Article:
After surpassing $34,000 yesterday, Bitcoin hit yet another record high–the latest of many in December. Some analysts are betting that Bitcoin isn’t going to stop anytime soon. Therefore, it may be some time yet before hopeful buyers can jump into BTC at a lower price.
For example, Antoni Trenchev, the chief executive of London-based crypto lending firm Nexo, told LiveMint that he believes the digital asset will “be on the road to $50,000 probably in the first quarter of 2021.”
Bitcoin in 2021: $50K, $100K, $500K?
Tom Lee, Managing Partner and the Head of Research at Fundstrat Global Advisors, also has bullish predictions for Bitcoin. On Wednesday of last week (before Bitcoin hit its latest high of $34K), Lee said that he believes bitcoin will surge another 300% in 2021.
In a Tweet, Lee also pointed out that because of the halvening that took place last year, 2020 was a lot like 2016 in the BTC world. Therefore, he believes that 2021 could be a lot more like 2017, when Bitcoin’s previous all-time-highs were set.
Therefore, Bitcoin could see a “parabolic rise” in 2021, Lee tweeted.
New #bitcoin target price $40,000
– established by our lead Digital Strategist @David_Grid
– 2020 = 2016 –> halvening
– 2021 = 2017 –> parabolic rise
— Thomas Lee (@fundstrat) December 30, 2020
Similar, Fundstrat’s digital asset strategist David Grider also said on Wednesday that he expects Bitcoin to hit at least $40,000 this year–and with $34K already in the bag, $40K seems like it could be a piece of cake.
Bitcoin is due for a correction–eventually. Therefore, buyers may be better-served to wait.
Still, the path forward may not necessarily be linear.
In fact, some analysts are already gearing up for a retracement. A crypto trader who operates under the moniker “Mr. Anderson” tweeted on January 1st that a metric known as Bitcoin’s “monthly momentum reading” has not been as high as it is now for quite some time–and the last time that it reached its current levels, disaster struck.
“The last and only time that $BTC saw a Monthly momentum reading this high we saw a 38% retrace,” he wrote. However, the retrace gave way to “a recovery intra-month and continued exponentially.”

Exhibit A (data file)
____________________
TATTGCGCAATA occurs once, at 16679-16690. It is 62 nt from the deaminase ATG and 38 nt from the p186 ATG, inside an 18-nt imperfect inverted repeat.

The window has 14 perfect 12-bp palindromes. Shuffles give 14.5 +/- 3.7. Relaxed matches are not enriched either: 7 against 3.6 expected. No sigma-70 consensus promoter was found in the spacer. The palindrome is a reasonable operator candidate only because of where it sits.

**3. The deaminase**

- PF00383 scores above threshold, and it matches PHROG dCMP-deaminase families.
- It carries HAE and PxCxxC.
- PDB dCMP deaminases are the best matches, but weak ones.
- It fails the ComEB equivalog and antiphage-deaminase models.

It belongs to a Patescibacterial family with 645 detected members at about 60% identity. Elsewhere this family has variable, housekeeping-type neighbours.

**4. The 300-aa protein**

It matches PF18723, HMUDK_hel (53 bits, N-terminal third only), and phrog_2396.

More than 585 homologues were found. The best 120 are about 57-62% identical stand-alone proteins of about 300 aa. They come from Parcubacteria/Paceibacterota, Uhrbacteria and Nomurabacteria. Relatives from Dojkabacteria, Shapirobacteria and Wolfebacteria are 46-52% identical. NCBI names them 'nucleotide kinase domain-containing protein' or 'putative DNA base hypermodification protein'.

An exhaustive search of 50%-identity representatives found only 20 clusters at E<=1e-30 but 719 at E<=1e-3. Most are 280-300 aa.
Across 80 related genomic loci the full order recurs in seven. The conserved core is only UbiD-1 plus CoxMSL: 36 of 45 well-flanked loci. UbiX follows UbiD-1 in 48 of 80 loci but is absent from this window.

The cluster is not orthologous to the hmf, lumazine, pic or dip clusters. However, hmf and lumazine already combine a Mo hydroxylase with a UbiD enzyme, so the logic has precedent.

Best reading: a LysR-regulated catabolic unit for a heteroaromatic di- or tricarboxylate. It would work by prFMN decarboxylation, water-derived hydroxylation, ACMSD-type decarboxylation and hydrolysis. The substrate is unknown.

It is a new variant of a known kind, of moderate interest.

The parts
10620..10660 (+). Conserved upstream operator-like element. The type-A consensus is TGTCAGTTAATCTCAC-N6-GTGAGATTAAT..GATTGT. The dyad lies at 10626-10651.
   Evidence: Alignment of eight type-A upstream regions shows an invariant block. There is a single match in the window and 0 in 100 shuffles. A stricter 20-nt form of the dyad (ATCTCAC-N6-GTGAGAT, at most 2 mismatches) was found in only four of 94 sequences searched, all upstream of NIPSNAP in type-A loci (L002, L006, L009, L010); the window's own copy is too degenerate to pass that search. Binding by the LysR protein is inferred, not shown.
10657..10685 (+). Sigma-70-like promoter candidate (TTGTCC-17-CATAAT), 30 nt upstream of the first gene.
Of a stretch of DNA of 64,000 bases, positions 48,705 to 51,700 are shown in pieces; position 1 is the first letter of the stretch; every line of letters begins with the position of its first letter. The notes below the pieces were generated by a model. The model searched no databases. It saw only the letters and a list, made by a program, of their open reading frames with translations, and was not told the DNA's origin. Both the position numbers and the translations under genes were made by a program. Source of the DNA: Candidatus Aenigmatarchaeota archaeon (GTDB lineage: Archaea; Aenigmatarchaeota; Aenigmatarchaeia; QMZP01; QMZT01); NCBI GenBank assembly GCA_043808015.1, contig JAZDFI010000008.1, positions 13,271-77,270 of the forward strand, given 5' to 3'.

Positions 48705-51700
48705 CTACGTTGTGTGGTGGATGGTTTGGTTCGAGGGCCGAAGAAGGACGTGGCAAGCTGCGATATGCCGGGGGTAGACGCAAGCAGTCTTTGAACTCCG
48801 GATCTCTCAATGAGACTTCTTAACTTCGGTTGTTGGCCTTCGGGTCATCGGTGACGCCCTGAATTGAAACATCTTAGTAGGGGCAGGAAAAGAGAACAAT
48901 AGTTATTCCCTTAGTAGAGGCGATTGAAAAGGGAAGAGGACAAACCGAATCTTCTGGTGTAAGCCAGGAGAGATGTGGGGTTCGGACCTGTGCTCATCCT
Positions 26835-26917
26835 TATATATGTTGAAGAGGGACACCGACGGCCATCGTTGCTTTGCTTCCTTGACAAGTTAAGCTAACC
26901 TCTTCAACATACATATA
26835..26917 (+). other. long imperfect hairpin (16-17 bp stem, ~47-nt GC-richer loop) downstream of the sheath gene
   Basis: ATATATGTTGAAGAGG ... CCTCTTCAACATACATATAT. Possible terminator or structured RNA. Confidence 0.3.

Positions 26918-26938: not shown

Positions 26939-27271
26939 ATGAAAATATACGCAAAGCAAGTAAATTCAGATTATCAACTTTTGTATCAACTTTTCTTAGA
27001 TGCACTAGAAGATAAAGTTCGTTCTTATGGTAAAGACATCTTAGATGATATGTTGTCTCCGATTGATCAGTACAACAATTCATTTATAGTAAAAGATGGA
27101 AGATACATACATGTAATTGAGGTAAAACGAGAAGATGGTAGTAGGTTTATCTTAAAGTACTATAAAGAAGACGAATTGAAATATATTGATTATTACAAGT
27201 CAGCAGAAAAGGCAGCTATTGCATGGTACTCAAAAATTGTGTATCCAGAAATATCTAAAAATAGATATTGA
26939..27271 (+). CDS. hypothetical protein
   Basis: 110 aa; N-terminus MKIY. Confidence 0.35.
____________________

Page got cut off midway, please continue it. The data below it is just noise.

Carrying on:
Therefore, Mr. Anderson said that the retrace was “something interesting that I’ll be on guard for (interesting, but, not actionable by itself).”
#BTC Monthly Momentum Reading
Something interesting that I’ll be on guard for (interesting, but, not actionable by itself)
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— Mr. Anderson (@TrueCrypto28) December 31, 2020
“Step 1: Resist the urge to buy Bitcoin at $32K.”
Prior to Bitcoin’s rise past $25,000, Celsius chief executive Alex Mashinsky predicted that Bitcoin would retrace to $16K before it would surpass $26K. Of course, $26K is far in the rear view mirror, but a retrace is still likey in the cards.
Additionally, Joaquim Matinero Tor, a cryptocurrency observer and Blockchain Associate at Roca Junyent, previously told Finance Magnates that he expects Bitcoin to fall under $18,000 before making significant movement upward
“I think the price of Bitcoin will fall under 18,000 dollars and then rise back,” he said. “Whale investors will sell once the financial year is over. So, January may be a rollercoaster ride for the cryptocurrency market.”
However, it’s hard to know exactly how far back Bitcoin will retrace. Ramp Capital pointed out on Twitter that “Bitcoin would have to drop 50% from here just to get back $16,500—the level hit on Thanksgiving 2020.”
Bitcoin would have to drop 50% from here just to get back $16,500—the level hit on Thanksgiving 2020
— Ramp Capital (@RampCapitalLLC) January 2, 2021
Still, some analysts are advising buyers that it may be better to wait for BTC to drop before jumping in. Video producer and WVFRM host Marques Brownlee tweeted late on Sunday: “Step 1: Resist the urge to buy Bitcoin at $32K.”
Step 1: Resist the urge to buy Bitcoin at $32K
— Marques Brownlee (@MKBHD) January 3, 2021
What is step two? “Regret not buying Bitcoin earlier.”
However, those that did manage to buy Bitcoin earlier should be wary that the IRS is eyeing their wallets.
Finance Magnates previously reported that in an article for Law360, Don Fort (who previously headed the IRS’ criminal investigation division) said that while the tax agency has was previously taking a more “educational” attitude toward cryptocurrency hodlers, school days are over: the time for “enforcement” has come.
“The IRS has been not-so-quietly positioning itself for a smooth transition from education to enforcement in 2021 and beyond,” he wrote. The article was co-authored by Lawrence Sannicandro, a lawyer who has focused his career on federal and state tax controversies. Both men are part of the team at Kostelanetz & Fink, LLP.